“Patek Philippe has traditionally kept production numbers low across all its references and focused on providing a broad selection of different watches,” says John Reardon, the former head of watches at Christie’s and a Patek Philippe expert. “The result is that buying one from the primary market is reserved only for retailers’ top clients and even top clients are far from guaranteed to buy the one they really want.”
The announcement earlier this year that the manufacturer was discontinuing the much-loved model has only added to the watch’s desirability. “It was a watch whose value on the secondary market was always higher than the new retail price, but that was accentuated when they discontinued it completely,” says Alex Stonely, head of sales and operations at pre-owned watch specialist Watchfinder & Co.
Should you have £94,950 burning a hole in your pocket, the site currently has the style available. All its watches have been meticulously authenticated by a team of expert watchmakers at their manufacturer-certified service centre and come with the added reassurance of a 24-month warranty.
The Cartier Love bracelet
Designed by Italian-born American Aldo Cipullo as a unisex piece symbolising eternal love, the gold bangle that fastens onto the wrist with tiny screws remains as popular today as it was when launched 50 years ago. At luxury resale website The RealReal, you can find a Cartier Love bracelet for under market value, starting from $6,095 for a 18ct-gold bracelet and rising to over $20,000 for a diamond-pavé one. Since last year, sales for Cartier Love bracelets have increased by 61 per cent. “This year, we saw strong demand for this style as shoppers continued to gravitate towards classic pieces,” says Sasha Skoda, head of women’s at The RealReal. All bracelets are inspected by authenticators who use extensive data to assess weight, material, serial numbers, and hallmarks and breakdowns of the alloys.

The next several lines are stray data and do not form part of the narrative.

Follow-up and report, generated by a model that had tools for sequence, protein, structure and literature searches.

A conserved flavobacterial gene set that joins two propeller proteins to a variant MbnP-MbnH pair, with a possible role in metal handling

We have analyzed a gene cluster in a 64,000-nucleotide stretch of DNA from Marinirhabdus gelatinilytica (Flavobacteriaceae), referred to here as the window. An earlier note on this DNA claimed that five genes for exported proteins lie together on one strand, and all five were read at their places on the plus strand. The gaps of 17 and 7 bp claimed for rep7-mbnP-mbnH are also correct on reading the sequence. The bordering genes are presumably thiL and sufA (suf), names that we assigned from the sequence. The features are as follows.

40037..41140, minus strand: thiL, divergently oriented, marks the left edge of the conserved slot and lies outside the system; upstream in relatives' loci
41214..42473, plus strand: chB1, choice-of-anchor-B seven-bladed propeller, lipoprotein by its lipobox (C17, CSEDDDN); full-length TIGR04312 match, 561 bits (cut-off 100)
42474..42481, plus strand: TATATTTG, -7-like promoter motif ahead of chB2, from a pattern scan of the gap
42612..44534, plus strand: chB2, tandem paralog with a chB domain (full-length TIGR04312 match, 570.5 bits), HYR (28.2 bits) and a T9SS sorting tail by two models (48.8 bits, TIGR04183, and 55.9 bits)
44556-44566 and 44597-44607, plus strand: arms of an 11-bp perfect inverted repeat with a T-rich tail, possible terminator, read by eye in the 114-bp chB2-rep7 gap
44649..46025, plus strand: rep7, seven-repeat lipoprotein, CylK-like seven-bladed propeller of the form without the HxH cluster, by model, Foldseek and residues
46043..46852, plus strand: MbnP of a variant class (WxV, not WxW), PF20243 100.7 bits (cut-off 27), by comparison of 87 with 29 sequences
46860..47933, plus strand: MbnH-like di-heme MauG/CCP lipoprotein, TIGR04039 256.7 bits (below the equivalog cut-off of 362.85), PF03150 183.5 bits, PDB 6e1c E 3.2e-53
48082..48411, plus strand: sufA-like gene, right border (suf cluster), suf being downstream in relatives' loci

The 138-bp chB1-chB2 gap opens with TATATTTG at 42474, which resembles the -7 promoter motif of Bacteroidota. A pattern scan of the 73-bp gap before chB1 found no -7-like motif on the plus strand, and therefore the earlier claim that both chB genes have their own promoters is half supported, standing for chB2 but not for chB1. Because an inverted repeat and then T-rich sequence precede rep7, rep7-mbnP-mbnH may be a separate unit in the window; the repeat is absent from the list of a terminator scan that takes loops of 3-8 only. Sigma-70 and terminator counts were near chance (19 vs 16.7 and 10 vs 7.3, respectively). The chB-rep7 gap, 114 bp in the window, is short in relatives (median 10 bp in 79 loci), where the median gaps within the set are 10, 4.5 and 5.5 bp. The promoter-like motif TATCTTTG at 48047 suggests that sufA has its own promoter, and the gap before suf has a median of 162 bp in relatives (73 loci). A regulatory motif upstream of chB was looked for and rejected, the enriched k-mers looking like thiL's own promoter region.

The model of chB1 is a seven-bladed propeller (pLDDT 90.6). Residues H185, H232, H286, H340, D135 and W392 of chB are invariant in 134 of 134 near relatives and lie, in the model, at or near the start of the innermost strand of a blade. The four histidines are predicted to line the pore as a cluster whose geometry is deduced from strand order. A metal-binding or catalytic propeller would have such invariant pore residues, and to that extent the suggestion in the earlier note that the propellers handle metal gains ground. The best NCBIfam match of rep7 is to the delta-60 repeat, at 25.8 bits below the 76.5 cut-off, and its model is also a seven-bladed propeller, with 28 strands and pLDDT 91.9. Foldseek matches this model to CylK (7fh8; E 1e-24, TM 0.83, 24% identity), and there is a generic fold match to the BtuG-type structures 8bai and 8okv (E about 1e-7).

Nevertheless, there are always risks associated with buying jewels from consignment outlets. Some recommend going to the “Editor’s Pick” section to better verify a piece’s authenticity. And cross-reference with other sites such as 1stdibs and Vestiaire to get a fair comparison. If a price seems too good to be true, it almost certainly is.
The Nike Air Jordan
Michael Jordan first debuted his Nike sneakers on court in 1984. Today, rare Air Jordan styles have become as collectable as handbags – one pair fetched $560,000 at auction last year. “Before Jordans, sneaker culture was niche and peripheral, but when the Air Jordan 1 was released, it exploded into the mainstream,” says Jesse Einhorn, senior economist at StockX, one of the world’s biggest sneaker resale sites. Highly sought after currently are the Dior Air Jordans, released last year and limited to 8,500 pairs. “We have tens of thousands of sneakers in our catalogue going back as far as 2008-2009 and even older, of every colourway of shoe,” says Derek Morrison, EMEA general manager at StockX. Each sneaker is checked by authenticators who verify the packaging, materials and construction before the sale goes through.
Jordan sales spiked by 40 per cent on the platform after the Netflix docuseries The Last Dance aired last summer, with the Air Jordan 1 being the most popular silhouette. “Jordans aren’t just a shoe,” says Einhorn. “They are among the most significant cultural artefacts of our modern era.”